“In recent years, accidental discharge of fire suppression systems, especially high pressure clean agent gas systems, has actually caused significantly more series disruption than fires, with some banking and financial trading datacentres affected by this issue,” wrote Lawrence.
He also offers operators some fire prevention advice, in terms of the steps they should take to ensure the relatively low incidence of fires reported in the sector continues.
“Responsibility for fire regulation is covered by the local authority having jurisdiction, and requirements are usually strict, but rules may be stricter for newer facilities, so good operational management is critical for older datacentres,” he said.
“Uptime Institute advises that all datacentres use very early smoke detection apparatus systems and maintain appropriate fire barriers and separation of systems. Well-maintained water sprinkler or low-pressure clean agent fire suppression systems are preferred. Risk assessments primarily aimed at reducing the likelihood of outages will also pick up obvious issues with these systems.”
Moving data to the cloud is not the same as backing it up
While the OVHCloud datacentre fire can serve as a cautionary tale for other operators about how to avoid their facilities befalling a similar fate, what about the firm’s customers who have experienced a prolonged period of service disruption as a result of the incident? What lessons can they learn from all this?
According to Christophe Bertrand, senior analyst at TechTarget-owned Enterprise Strategy Group, the number one lesson that enterprises need to learn from this incident – regardless of whether they are an OVHCloud customer or not – is the importance of backing up their data.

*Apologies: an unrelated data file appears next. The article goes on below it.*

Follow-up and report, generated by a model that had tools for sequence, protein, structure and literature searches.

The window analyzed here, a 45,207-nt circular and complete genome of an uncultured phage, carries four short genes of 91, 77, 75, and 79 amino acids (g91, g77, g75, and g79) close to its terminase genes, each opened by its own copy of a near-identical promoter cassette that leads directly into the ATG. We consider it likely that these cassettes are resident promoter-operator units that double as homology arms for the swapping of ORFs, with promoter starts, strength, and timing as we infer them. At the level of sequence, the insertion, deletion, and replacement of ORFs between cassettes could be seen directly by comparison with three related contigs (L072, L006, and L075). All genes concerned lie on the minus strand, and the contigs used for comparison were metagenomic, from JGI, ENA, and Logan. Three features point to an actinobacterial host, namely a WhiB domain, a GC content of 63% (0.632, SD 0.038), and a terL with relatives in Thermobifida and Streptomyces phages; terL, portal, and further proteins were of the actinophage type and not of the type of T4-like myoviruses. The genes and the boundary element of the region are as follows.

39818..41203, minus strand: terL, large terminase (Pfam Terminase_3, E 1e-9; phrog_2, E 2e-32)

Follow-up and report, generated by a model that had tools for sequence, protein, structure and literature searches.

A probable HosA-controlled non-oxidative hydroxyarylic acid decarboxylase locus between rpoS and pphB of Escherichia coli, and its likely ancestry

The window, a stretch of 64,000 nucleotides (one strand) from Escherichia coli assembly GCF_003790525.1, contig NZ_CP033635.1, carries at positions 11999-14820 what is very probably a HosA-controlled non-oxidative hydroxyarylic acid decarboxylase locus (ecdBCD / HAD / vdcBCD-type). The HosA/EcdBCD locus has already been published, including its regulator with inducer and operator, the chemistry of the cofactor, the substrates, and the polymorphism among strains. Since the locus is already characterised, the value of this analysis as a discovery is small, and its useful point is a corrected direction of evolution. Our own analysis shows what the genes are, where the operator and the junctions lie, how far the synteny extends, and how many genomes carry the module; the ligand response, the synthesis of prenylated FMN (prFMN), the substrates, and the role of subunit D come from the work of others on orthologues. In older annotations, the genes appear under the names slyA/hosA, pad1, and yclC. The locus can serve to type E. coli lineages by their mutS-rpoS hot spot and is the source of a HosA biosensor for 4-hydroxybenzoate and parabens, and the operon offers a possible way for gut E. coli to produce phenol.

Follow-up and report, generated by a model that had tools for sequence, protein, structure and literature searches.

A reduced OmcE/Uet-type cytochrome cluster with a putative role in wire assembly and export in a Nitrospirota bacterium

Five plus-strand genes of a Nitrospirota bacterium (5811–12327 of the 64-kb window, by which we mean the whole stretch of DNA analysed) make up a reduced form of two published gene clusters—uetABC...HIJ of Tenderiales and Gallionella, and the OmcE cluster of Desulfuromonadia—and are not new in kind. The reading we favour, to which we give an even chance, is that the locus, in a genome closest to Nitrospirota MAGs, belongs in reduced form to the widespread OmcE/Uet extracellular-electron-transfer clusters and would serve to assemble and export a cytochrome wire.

“Whatever you do as a business, you are always responsible for your data. From a compliance and governance standpoint, you – as a business – are responsible for securing the ability to recover your own data,” he told Computer Weekly.
“Just because you have placed data with a third-party software as a service (SaaS) or cloud infrastructure provider, you’re still responsible for your data,” said Bertrand. “If something happens, and anything could happen, on your premises or with the cloud service you use, you should always be in a position to recover your data.
“What we have [with OVHCloud] is possibly a situation where maybe people thought, because it was with a third-party provider, it was automatically protected and backed-up,” he said. “[So] tough luck, because the data is your data and it’s on you – as a business if you don’t have a backup somewhere else.”
For some of the firms affected by the fire, the lack of backup could be fatal, said Bertrand. “I really feel for the small companies that were affected by it, because [the fire] is certainly not their fault, but if they didn’t have a backup that was strategically thought through and placed somewhere where they could recover their data, then they made a mistake. And it maybe fatal one. I think some businesses will close based on that.